Salespeople: How Are They Feeling About the Plan, Quotas and Payouts?
Salespeople’s views of the plan should be analyzed both qualitatively and quantitatively. For the qualitative portion, you can conduct interviews or focus groups with a subset of the salesforce, or you can survey the field to get a snapshot of how they’re feeling about the plan. A survey should include questions about plan understanding, the fairness of the plan (internal and external), the upside earning opportunity, quota reachability and the plan’s ability to drive desired behaviors.
It’s helpful to track this over time to see how certain scores change. A score of 5.5 on a seven-point scale is an interesting data point, but when the score on the same question a year ago was a 4.5, it shows that you’ve meaningfully improved on that dimension.
In addition to survey information, best-in-class companies overlay their pay and performance data onto the scores. It helps to paint a brighter and clearer picture of how people are feeling. If the only people who feel that the plan is unfair are those who are furthest below their quota, then that’s a telling bit of information and may lead to different actions than if the people who find the plan to be unfair are only in the largest territories.
Some companies are wary of over-surveying the field and taking them away from their primary job of selling. This is especially true if you already conduct a year-end survey of how your salespeople feel about their incentive plan. To minimize this, you can survey a subset of the salesforce (assuming you have enough salespeople to get a representative sample).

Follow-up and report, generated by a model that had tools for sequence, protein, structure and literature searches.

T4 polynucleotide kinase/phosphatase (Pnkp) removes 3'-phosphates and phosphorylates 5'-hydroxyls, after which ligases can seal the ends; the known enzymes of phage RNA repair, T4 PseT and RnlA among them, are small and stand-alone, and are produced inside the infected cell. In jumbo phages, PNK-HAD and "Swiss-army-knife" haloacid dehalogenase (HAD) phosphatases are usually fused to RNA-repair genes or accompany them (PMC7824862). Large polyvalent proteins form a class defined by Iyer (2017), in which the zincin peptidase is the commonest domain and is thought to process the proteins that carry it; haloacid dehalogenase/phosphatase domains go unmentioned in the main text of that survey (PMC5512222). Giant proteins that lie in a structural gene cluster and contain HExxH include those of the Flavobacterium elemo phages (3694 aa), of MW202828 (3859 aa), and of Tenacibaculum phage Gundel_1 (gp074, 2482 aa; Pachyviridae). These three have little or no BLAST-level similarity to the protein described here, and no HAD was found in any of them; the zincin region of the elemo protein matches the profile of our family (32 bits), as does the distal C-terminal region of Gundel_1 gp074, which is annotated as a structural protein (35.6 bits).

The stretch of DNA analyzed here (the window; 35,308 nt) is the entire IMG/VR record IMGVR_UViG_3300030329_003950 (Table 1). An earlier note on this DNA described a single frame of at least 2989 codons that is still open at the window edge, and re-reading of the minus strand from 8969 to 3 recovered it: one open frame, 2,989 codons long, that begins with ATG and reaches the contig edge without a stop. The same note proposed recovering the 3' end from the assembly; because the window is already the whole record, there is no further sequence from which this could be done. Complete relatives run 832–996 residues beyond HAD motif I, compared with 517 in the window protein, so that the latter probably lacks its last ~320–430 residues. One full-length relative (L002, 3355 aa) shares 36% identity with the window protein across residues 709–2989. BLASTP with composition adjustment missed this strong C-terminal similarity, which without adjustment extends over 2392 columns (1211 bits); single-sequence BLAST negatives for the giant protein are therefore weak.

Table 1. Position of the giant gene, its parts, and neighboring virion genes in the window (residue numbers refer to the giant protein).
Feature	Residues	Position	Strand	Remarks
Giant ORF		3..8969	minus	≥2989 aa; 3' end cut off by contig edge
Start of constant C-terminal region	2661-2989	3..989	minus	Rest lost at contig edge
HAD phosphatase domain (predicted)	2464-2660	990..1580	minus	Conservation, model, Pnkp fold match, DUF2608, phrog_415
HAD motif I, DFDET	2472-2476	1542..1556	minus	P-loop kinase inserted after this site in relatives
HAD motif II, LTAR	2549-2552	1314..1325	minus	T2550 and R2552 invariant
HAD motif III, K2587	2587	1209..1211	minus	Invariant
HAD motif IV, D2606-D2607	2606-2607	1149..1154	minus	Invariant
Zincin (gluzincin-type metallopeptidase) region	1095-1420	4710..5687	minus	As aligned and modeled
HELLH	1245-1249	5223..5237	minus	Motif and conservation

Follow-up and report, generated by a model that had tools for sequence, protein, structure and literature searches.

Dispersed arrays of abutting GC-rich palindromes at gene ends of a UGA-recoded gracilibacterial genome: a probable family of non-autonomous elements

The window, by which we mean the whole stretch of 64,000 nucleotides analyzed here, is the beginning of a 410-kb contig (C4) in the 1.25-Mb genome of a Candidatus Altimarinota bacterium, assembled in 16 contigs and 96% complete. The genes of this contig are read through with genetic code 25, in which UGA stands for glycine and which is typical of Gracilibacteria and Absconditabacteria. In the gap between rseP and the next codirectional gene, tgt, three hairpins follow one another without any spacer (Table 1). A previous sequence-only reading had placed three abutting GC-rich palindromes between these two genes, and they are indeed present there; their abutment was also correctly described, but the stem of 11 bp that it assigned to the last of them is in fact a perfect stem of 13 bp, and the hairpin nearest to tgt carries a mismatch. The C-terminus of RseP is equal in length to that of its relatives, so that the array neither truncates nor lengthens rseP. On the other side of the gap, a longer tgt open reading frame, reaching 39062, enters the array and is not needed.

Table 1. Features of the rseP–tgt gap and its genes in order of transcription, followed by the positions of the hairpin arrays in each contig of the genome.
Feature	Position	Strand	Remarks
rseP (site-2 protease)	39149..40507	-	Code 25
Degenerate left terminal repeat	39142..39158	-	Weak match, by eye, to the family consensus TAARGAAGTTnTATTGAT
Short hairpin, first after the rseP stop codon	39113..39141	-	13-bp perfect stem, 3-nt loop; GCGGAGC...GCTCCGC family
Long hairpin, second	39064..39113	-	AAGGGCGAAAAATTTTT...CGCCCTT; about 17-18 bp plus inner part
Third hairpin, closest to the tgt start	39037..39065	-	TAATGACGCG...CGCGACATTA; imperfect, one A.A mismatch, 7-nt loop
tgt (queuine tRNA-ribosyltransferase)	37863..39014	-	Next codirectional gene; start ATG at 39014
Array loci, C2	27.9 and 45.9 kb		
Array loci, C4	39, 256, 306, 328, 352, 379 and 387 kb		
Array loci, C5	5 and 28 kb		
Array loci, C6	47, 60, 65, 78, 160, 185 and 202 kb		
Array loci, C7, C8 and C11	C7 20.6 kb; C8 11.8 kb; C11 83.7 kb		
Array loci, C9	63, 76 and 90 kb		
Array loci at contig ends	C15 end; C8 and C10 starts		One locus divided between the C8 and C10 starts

Alternatively, you can rely on the second half of the salesperson assessment: quantitative results, for which you’ll want to check two categories:
Individual pay for performance. How well are your top performers paid vs. benchmarks? What about your bottom performers? How many of them earn nothing in incentive pay? How many are earning at least their target incentive?
You should evaluate these numbers against previously established target ranges to determine if a significant issue could be developing. For example, if you have too many salespeople earning no incentive pay, it could mean that your quotas are too high or too front-skewed toward the beginning of the year. Or perhaps your payout curve has too high of a threshold for them to earn an incentive.
Individual payout fairness. Are any factors affecting payouts other than a salesperson’s effort and ability? For example, if you see a negative correlation between payouts and quota size, the plan would be considered unfair and a correction may be needed. Take the qualitative feedback (if collected) during this phase and test every element that salespeople believe may affect their performance and payout.
Try to complete your audit as quickly as possible. It doesn’t do anyone any good to have a completed audit ready in October. Design the audit with the Pareto Principle in mind: Focus on the analyses and assessments that will provide the most results with the least amount of effort so that you can act on them quickly.
Once the audit is complete, piece together the facts into specific conclusions and recommendations. Saying, “60% of salespeople are below quota,” is true but useless. Saying, “We are likely to have two-thirds of our salespeople below quota by the end of the year, and historically that has led to above average turnover,” is a much more useful finding. Aggregate all data points into concise conclusions and, from those conclusions, form recommendations for how to adjust the plan (if at all) before the end of the year (or for the following year).
Take your recommendations to the company’s senior leaders. Most companies will avoid midyear changes to the sales compensation plan unless the results are dramatic. At a minimum, you’ll have accurately diagnosed the issues with the current plan and set yourself up well for 2019 changes. In extreme cases, you’ve headed off increased attrition and disastrous business results. In either case, you’ll likely find that the audit is a worthwhile exercise.